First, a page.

Farm Melons

Farm melons generally are started as transplants in the greenhouse 18 to 24 days prior to planting in the field. Because they are a warm-season vegetable, they should not be transplanted until the soil temperature 3 inches beneath the soil surface reaches 60°F. Growers generally plant between 2,200 and 4,200 plants per acre in single rows 5 to 6 feet apart, on mulched beds with 24 to 30 inches between plants in the row. Providing the plants with drip irrigation ensures optimum plant growth and yields and allows growers to apply fertilizer during the growing season. Insects are a major problem in field production. Early feeding by striped or spotted cucumber beetles on young transplants can result in the plants being infected with bacterial wilt. Improper water distribution can cause a variety of diseases including bacterial wilt, fusarium wilt, and viruses such as powdery mildew, downy mildew, and gummy stem blight.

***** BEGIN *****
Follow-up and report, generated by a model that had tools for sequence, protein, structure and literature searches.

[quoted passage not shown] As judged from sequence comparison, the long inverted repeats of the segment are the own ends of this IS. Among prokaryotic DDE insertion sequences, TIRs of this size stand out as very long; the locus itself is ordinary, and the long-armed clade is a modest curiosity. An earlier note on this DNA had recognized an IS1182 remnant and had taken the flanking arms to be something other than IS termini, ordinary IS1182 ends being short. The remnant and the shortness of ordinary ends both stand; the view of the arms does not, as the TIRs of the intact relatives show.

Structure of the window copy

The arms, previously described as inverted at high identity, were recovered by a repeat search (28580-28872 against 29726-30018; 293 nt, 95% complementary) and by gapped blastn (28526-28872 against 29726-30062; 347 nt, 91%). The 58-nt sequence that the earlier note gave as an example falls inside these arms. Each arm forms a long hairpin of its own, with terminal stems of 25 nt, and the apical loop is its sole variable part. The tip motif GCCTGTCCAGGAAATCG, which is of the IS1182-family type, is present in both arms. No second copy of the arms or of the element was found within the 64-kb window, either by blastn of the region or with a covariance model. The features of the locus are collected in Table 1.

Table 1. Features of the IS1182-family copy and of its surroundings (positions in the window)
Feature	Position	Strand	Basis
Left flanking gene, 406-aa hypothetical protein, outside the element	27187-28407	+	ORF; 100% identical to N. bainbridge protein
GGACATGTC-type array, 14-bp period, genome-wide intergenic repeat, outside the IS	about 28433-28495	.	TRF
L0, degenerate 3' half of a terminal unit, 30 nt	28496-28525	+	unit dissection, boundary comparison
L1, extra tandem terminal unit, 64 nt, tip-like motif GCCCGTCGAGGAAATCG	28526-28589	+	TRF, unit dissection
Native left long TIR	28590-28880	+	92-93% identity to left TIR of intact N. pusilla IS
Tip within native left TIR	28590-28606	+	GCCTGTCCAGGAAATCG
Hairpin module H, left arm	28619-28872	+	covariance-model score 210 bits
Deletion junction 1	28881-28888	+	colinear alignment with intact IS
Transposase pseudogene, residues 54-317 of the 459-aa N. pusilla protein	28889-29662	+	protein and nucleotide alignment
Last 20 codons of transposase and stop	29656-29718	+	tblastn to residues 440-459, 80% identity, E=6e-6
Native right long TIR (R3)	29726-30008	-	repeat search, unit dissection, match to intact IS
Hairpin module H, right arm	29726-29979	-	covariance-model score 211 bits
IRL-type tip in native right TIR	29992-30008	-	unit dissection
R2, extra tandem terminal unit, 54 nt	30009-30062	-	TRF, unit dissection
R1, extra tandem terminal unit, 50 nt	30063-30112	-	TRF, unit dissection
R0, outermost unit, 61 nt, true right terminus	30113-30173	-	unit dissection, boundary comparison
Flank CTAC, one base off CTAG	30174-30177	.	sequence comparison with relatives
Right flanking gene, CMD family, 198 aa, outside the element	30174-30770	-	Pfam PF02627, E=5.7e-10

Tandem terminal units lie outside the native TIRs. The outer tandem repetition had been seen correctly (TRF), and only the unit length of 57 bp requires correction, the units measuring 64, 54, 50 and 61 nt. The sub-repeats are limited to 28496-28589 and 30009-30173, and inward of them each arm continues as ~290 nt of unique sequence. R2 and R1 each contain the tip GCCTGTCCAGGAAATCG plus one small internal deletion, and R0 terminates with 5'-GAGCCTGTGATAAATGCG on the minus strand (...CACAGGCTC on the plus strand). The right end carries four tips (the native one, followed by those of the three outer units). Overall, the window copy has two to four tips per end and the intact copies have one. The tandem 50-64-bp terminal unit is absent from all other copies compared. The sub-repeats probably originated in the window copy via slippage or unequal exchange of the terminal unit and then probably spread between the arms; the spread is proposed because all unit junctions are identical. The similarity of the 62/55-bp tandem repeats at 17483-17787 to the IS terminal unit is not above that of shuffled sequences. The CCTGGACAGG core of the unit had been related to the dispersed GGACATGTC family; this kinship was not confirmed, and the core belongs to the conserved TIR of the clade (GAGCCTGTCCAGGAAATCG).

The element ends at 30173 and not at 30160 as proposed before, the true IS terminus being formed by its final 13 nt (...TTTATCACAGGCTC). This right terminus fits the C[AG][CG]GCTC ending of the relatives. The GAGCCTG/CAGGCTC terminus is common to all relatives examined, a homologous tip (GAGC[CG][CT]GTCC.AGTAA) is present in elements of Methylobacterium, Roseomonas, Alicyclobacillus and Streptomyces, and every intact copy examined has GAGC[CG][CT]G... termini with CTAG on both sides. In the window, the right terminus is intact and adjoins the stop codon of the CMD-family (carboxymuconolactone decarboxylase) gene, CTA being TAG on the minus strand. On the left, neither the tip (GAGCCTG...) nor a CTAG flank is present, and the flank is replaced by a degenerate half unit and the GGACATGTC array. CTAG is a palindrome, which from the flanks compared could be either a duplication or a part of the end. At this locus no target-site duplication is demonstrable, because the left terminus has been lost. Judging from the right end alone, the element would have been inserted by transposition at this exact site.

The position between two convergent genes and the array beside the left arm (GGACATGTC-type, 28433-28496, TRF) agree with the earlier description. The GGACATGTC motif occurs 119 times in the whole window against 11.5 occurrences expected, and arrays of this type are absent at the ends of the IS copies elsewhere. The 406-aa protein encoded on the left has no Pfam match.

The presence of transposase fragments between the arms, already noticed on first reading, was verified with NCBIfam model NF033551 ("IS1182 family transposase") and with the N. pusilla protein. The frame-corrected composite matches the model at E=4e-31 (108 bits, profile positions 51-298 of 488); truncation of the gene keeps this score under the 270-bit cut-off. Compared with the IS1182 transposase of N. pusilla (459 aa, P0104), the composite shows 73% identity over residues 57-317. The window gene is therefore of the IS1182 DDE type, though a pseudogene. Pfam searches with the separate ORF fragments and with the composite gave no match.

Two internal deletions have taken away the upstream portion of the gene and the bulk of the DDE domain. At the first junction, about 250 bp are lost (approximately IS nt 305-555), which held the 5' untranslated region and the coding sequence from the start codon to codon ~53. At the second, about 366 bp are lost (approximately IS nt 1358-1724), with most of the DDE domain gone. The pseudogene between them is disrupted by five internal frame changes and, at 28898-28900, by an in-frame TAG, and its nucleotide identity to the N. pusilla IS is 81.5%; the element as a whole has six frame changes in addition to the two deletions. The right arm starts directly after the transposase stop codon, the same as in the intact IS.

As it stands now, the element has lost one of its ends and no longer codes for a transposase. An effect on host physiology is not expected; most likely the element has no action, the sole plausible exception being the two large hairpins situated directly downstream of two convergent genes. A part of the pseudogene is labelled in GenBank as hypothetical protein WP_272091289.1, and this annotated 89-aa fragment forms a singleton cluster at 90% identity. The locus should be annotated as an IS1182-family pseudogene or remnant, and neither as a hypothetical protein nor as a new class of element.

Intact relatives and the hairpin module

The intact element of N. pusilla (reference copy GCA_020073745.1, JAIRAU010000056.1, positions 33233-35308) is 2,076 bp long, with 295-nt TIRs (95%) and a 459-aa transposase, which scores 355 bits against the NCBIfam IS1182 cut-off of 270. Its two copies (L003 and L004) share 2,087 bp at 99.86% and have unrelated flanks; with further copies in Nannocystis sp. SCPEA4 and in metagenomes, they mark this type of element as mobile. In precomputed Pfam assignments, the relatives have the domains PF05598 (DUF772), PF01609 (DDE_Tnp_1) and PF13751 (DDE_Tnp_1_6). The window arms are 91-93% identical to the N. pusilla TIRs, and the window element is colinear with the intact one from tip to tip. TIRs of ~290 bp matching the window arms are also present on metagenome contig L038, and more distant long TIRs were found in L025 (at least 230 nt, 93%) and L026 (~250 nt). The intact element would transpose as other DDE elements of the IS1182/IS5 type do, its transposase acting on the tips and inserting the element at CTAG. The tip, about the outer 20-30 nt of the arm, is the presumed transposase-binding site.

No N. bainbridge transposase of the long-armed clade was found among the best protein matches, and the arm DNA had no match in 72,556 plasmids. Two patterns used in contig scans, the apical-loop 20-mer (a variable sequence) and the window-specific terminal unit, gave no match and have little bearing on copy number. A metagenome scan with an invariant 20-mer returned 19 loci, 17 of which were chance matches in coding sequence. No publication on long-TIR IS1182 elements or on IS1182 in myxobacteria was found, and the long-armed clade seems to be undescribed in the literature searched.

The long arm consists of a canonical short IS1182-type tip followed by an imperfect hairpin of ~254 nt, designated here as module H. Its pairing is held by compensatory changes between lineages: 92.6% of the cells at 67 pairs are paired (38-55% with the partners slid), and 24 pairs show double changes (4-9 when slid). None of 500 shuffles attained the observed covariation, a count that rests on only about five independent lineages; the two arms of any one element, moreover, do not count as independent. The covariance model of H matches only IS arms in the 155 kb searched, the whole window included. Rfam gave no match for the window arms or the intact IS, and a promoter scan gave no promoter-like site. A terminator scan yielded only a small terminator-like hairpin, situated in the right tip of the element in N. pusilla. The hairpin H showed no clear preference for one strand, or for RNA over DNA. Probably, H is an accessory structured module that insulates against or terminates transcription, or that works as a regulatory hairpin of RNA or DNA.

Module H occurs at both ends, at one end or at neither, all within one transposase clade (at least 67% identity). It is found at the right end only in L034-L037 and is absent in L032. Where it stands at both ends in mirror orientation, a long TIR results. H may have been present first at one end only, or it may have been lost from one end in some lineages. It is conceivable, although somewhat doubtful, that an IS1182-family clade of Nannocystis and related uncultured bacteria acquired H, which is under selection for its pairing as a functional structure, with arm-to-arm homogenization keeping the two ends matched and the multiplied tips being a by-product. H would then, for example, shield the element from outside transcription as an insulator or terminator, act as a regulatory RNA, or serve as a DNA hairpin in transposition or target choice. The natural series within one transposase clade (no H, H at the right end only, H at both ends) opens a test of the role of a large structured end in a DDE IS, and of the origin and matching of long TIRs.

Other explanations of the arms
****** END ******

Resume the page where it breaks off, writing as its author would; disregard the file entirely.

Growing Melons WITH CROP CIRCLES

Growing melons with Crop Circles doubles production while inhibiting many of the diseases associated with field grown melon plants. Timed liquid and fertilizer dispersion is spread under the plants leaving the leaf canopy dry and less susceptible to disease. The dark colored plastic barrier laid within the watering trench stops weed growth and evaporation. Plants are flood irrigated once or twice a week depending on weather conditions. The heat sink feature of the trench accelerates growth, quality and fruit size.

growing montreal melon crop circle melons

Melon Crop Circles

Melon Crop Circles grow 60 plants. Montreal Melon was the preferred variety because of its size and taste. Even water distribution to each of the plants ensured a consistent melon size throughout the patch.

fall melon harvest

FARM Harvest

A 30-foot Circle produced a 380 melon farm harvest. Once the vines hit the weed barrier mat they just took off, flowering and setting fruit all the way.